Sharing Your Story


I came out as bisexual to my family recently, and I am afraid that they won't believe me and won't let me date girls. Is this normal? I have a very understanding and supportive family, and I talk about everything with my mom, but it feels like I can't talk about this to her.


I'm sorry you're feeling anxious about talking to your family after coming out as bisexual. It's understandable to have concerns, even with a supportive family.

What you're experiencing is fairly common. Despite having a good relationship with understanding parents, it can still feel daunting to open up about your sexual orientation to the ones you love. There may be fears about being judged, criticized, or having your identity invalidated.

A few thoughts that may help...

Give your family some time. Even if initially surprised, caring parents usually come around, especially when they see this is important to you. Be patient and keep communicating openly. It may also  be helpful to provide them with educational resources about bisexuality if needed. Sometimes people have misconceptions that information can clear up. Remind them that this is simply about you being your authentic self.

Loving partners of any gender doesn't change who you are as a person. Make it clear you aren't asking for permission to date, just their acceptance and support in being true to yourself. Your family may just need some time to process this new information before they can have an open discussion about it.

While you hope for acceptance from your loved ones, it's also wise to brace yourself for the possibility of negative reactions, at least initially. Even open-minded families can sometimes struggle when a child shares news that challenges their previous assumptions. If you do encounter rejection or hurtful comments, try not to internalize these messages and avoid lashing out if you can to avoid it. Instead, remind them calmly that your sexual orientation is simply a part of who you are --it doesn't change the amazing person they've known and loved all your life.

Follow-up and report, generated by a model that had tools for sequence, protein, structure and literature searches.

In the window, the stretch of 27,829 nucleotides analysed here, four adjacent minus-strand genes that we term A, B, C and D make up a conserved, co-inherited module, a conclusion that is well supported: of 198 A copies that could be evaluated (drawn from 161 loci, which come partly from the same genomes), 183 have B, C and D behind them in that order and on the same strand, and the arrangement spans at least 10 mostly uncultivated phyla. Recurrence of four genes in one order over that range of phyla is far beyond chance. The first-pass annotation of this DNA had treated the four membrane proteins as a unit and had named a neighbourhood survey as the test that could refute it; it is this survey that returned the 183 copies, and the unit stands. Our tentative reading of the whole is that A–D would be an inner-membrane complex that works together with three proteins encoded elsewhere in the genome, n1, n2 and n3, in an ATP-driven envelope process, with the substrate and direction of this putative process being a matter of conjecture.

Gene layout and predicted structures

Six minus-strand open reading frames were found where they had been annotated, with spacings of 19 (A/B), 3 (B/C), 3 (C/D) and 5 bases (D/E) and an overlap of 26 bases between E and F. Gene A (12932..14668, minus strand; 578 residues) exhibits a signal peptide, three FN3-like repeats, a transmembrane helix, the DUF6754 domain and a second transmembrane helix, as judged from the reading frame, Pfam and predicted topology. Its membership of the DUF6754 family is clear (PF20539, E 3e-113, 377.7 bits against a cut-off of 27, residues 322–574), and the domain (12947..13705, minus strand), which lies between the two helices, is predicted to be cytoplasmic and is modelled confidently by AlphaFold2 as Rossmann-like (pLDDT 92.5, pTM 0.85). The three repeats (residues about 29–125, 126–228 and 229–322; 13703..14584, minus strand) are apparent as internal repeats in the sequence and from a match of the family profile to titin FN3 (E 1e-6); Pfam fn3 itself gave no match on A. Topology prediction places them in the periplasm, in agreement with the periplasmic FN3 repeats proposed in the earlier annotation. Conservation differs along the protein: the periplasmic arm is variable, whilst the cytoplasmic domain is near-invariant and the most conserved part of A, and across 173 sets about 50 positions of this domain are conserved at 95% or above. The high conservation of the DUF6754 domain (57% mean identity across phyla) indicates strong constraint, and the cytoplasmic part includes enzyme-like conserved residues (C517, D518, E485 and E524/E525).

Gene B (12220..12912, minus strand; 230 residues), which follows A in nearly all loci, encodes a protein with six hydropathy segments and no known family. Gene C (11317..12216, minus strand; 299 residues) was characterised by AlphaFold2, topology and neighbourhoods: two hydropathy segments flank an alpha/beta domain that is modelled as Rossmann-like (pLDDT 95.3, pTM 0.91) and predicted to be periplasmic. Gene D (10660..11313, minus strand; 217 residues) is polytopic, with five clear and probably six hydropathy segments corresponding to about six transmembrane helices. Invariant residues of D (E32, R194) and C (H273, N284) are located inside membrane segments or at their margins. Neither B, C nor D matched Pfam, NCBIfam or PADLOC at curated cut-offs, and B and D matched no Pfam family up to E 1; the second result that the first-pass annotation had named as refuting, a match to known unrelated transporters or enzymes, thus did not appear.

Don't back down on being your authentic self. You might find it helpful to reach out to LGBTQ+ support groups, understanding friends, or a counselor to practice having these conversations and process their outcomes in the aftermath. If resolution proves extremely difficult, you may need to prioritize surrounding yourself with your chosen family who can provide the affirmation you deserve. Stay patient, keep communicating with compassion, and above all, refuse to be shamed for courageously claiming your identity. With patience and honesty, your family should come to understand and embrace all aspects of who you are. 

No matter what the outcome is, we are here for you. Thank you for this question.

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